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Nutrition Issues in Developing Countries: Part I: Diarrheal Diseases - Part II: Diet and Activity During Pregnancy and Lactation By and large, women are not represented in great numbers in the industrial or manufacturing sector. They tend to concentrate in the lower levels of the tertiary or service sector and in the informal sector of the labor market (ICRW, 1980b). In Latin America and Asia, women make up more than one-third of the labor force in the service sector, most of it in urban areas. These figures include middle-and upper-class women engaged in professional work. Informal Sector Activity Informal is the term used to refer to that growing sector of the economy characterized by microenterprises that are usually family based and employ one to five workers, have little capital and less than optimal technology, and buy work that is piecemeal. It is often performed at home or in the street and is unregulated, untaxed, and sometimes illegal. It is generally outside the realm of what labor codes define as adequate both in terms of remuneration and in working conditions. In cities like Bombay, Jakarta, and Lima, the informal sector absorbs 53–69 percent of all urban workers. The informal sector of the labor market receives the oversupply of workers from the formal service sector. In the informal sector of urban economies, women workers proliferate (Buvinic et al., 1983). Market vending, street food vending, and domestic service are examples of informal sector work dominated by women in Latin America, the Caribbean, Africa, and parts of Asia. In Belo Horizonte, Brazil, in the mid-1970s, for example, 54 percent of the informal sector workers were women. When domestic servants were excluded from this population, 40 percent of informal sector workers were still women. Sixty percent of the self-employed within the informal sector were women (Merrick, 1976). In urban India in the mid-1970s, 40–50 percent of women workers were in the informal urban labor market, whereas only 15–17 percent of the male labor force was engaged in informal work (ICRW, 1980). There is no reason to expect that this trend has reversed in a decade. On the contrary, evidence from the current economic crisis indicates that it has become more marked (UNICEF, 1987). Case studies of Indian women provide evidence that they are working in heavy informal work: collecting garbage, cutting stone, carrying bricks and other construction materials, and doing construction work. Although no figures are available on the involvement of women in construction work, in New Delhi and Bombay, there are now mobile creches that provide care for approximately 5,000 of these women's children (Mahavedan, 1977; Huffman, 1985).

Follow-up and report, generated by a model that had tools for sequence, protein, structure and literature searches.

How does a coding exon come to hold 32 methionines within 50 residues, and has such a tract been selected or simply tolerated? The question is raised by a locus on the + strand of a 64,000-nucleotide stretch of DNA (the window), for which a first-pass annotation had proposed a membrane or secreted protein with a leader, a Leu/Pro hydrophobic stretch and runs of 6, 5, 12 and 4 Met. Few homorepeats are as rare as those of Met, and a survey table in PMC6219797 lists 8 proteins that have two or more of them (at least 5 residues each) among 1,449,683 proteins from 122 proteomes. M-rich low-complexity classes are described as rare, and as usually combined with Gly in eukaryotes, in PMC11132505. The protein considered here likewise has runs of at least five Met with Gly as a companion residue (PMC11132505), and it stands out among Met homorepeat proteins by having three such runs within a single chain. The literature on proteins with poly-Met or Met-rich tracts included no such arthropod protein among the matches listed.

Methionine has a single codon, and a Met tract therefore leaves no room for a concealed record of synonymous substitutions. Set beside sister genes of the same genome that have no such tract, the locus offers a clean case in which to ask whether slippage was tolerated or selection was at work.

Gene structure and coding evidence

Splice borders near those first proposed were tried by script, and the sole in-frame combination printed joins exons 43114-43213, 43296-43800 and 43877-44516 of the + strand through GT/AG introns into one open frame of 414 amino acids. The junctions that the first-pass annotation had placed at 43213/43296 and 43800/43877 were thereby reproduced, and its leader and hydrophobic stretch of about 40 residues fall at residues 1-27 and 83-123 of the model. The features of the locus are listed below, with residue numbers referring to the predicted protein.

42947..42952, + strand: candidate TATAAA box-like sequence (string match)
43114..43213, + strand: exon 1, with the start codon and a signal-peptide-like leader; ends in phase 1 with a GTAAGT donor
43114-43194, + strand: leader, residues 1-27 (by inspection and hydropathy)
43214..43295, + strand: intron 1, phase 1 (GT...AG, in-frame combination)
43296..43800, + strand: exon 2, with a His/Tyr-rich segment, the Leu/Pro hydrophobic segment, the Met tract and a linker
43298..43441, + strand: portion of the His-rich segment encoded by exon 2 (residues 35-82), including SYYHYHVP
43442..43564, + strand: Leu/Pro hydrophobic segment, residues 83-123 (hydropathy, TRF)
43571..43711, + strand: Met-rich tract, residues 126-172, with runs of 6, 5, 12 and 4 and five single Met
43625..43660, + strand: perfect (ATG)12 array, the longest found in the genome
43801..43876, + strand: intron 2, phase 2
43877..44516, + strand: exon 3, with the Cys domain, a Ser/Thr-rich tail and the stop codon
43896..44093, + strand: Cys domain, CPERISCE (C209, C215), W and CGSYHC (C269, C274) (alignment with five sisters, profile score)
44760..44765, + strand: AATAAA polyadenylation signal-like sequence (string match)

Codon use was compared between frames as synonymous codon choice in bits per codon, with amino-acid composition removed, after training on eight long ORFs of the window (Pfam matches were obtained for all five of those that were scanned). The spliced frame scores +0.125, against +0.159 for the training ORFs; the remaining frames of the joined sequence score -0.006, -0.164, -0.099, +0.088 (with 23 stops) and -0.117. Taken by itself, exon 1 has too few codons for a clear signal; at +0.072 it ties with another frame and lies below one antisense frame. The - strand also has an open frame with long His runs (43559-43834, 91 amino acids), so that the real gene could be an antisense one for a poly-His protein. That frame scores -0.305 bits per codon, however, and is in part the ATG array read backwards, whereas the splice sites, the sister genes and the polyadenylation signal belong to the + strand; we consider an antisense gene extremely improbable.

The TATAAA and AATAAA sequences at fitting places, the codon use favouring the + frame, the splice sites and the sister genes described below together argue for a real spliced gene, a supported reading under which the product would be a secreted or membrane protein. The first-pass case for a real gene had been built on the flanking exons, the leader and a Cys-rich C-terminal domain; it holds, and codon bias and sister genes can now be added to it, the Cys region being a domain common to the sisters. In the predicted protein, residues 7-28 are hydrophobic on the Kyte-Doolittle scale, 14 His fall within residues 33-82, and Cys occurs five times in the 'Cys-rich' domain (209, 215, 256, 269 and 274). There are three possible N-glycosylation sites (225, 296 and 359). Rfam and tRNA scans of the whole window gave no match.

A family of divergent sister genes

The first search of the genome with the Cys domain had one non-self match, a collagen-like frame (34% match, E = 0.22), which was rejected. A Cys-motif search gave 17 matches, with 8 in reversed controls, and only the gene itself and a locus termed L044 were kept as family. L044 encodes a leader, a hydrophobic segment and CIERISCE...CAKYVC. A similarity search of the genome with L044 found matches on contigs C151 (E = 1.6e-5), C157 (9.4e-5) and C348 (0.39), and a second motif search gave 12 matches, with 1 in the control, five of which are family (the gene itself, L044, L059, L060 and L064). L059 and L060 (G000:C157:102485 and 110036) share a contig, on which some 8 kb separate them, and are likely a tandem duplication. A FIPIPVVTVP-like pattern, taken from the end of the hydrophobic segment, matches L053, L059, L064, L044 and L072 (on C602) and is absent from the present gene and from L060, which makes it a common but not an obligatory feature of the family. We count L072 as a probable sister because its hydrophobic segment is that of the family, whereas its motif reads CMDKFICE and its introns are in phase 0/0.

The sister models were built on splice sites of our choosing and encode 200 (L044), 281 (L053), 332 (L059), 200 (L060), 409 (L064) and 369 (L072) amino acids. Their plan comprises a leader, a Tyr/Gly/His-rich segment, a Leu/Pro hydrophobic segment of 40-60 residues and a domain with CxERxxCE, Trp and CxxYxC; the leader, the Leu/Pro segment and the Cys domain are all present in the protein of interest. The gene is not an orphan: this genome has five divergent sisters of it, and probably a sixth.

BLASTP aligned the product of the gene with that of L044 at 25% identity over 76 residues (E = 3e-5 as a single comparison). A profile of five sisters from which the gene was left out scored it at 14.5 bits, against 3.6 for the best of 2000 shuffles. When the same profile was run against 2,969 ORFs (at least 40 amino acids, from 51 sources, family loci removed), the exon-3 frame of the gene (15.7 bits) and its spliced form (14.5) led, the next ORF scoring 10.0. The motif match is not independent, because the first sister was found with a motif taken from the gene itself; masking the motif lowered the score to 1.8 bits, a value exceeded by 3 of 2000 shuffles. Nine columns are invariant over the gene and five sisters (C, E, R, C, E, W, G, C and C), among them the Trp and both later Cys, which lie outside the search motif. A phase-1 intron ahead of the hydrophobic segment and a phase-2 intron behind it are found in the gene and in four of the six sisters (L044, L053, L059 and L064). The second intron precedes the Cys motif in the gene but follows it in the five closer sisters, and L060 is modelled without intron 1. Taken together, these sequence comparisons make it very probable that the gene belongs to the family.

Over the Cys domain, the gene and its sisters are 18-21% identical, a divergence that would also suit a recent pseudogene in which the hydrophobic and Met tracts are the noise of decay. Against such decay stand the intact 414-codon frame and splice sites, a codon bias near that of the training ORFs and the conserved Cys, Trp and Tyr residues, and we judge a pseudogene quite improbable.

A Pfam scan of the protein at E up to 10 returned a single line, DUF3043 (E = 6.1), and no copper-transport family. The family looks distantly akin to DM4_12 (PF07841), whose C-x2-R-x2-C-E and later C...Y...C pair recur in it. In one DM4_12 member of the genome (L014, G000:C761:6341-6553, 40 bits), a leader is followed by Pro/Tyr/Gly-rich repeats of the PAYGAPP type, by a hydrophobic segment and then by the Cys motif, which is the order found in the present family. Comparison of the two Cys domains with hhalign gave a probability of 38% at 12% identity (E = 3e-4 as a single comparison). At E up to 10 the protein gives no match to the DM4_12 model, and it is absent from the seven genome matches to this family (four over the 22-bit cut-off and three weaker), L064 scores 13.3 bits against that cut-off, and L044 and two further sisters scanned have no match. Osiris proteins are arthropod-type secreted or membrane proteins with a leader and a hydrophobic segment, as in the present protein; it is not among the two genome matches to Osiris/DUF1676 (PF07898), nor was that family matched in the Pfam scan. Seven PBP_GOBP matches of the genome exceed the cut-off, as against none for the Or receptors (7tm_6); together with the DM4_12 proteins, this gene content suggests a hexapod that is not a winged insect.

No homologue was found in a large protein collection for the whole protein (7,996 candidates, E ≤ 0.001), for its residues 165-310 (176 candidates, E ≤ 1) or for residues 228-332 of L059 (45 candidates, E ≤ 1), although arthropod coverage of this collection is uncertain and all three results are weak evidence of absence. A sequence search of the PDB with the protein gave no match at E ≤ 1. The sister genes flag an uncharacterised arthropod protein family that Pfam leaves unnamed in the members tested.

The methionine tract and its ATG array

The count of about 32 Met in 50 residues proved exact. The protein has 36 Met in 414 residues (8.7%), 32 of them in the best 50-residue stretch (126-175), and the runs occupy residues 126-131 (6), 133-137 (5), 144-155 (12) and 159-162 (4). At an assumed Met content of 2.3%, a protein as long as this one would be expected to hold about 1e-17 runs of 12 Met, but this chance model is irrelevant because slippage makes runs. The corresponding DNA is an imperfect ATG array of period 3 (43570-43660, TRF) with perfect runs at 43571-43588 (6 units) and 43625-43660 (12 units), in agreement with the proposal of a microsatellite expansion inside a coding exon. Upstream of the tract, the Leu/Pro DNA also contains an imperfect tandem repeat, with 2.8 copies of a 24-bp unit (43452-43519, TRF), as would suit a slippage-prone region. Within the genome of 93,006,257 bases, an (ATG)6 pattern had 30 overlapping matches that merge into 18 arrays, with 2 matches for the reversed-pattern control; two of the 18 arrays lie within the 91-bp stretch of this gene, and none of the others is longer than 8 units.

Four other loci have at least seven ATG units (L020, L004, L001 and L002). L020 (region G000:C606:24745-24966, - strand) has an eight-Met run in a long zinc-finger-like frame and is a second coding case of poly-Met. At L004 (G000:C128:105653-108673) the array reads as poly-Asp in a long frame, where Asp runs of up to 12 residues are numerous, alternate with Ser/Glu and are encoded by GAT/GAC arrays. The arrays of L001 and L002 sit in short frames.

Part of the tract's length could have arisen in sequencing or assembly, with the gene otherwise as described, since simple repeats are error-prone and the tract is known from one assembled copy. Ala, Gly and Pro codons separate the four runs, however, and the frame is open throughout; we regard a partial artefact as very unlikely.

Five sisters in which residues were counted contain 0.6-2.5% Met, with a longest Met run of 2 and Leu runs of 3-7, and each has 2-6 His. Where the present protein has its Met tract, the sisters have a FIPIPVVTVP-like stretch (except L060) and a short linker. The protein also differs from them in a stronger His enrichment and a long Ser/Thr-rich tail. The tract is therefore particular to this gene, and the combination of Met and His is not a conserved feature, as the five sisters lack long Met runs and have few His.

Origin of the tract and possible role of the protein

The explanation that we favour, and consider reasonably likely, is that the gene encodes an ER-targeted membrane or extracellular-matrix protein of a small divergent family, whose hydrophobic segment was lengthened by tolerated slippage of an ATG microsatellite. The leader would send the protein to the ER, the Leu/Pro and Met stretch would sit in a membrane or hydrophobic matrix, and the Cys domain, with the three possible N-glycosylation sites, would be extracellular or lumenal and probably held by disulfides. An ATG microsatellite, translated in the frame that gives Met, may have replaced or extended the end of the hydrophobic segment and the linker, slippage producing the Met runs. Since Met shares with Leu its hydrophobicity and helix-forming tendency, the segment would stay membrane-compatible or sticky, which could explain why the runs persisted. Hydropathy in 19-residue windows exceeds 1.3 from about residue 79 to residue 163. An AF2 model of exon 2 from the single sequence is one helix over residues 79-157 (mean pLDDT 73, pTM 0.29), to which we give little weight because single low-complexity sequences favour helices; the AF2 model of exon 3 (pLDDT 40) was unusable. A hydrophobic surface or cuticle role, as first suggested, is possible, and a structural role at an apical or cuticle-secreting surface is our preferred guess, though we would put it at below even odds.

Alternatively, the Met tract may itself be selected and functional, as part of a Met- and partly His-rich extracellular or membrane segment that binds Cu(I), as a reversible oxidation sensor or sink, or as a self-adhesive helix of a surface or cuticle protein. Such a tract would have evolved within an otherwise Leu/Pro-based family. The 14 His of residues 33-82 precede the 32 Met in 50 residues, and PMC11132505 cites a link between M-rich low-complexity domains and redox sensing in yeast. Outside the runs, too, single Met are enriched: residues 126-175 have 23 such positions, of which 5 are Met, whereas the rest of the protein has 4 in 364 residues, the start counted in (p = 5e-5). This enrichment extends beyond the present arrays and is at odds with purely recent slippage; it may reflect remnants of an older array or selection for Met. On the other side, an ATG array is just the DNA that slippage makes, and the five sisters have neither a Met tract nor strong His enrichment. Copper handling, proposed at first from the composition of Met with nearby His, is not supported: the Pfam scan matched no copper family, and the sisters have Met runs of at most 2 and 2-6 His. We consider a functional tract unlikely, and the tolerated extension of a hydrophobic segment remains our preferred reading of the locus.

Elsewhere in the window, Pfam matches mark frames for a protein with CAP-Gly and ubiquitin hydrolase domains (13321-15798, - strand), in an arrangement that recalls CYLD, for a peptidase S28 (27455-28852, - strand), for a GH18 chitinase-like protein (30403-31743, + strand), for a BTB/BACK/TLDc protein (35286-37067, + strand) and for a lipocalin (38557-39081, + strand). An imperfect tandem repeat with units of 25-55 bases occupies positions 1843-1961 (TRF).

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Nutrition Issues in Developing Countries: Part I: Diarrheal Diseases - Part II: Diet and Activity During Pregnancy and Lactation Market and street vending is another urban occupation in which women predominate or are well represented in all but the Muslim regions, where purdah is still observed. Market and street vending requires women to be on the streets or in the market for long hours during the day, sometimes even during the night. There is a lack of studies of time use or activity patterns of market vendors and domestic workers, but several intensive life histories of some of these women recently have been published as composite profiles (Bunster and Chaney, 1985). Market and street vendors have, on average, 3.4 children each, and nearly half of these women are the main economic support for their households. The workday may begin as early as 3 or 4 a.m., and some women work from 8 a.m. to 7 p.m. and then perform their own housework, including washing clothes by hand. The total workday may be up to 18 hours long, 6 or 7 days a week. Commuting to the workplace is a major effort, because the women have to carry produce and, sometimes, children, and public transportation systems are often inadequate. Traders and peddlers alternate street or market work with employment as domestic service workers. Domestic service work often requires that women work 14–16 hours a day, most of the time while standing or bending, and is considered highly demanding work by the women themselves (Bunster and Chaney, 1985). Washing clothes by hand is part of domestic service. This activity requires women to adopt uncomfortable positions and to exert themselves as they pound or rub the wet clothes against a hard, rough surface, such as river stones or cement washboards, and then rinse and force the water out, squeezing the pieces one by one. Furthermore, it is a domestic task that must be undertaken frequently. It may take from 1 to 3 hours a day twice a week for a family of five (two adults and three children); when there are diapers to be washed, it can take up to 4 hours a day (Nieves, 1986). A study of domestics and petty traders revealed that washing and ironing clothes was considered by domestic servants to be the hardest and most unpleasant work (Bunster and Chaney, 1985). In the Lima study mentioned earlier, the median amount of time domestic servants worked was 11.5 hours a day. Some women in a sample of 50 servants worked up to 17 or 18 hours a day. They reported that most of the time they were standing, walking, or climbing stairs (Bunster and Chaney, 1985). Domestics work more hours per day than do their male counterparts in blue-collar jobs, and they earn about 60 percent of what other informal sector workers do (ICRW, 1980a). While domestic servants begin their working lives when they are still very young (12–15 years old in Latin America), they work intermittently as domestic servants throughout their adult lives. The work histories collected by Bunster and Chaney (1985) showed that the first pregnancy usually occurs while the woman is employed. If she is not dismissed immediately, she will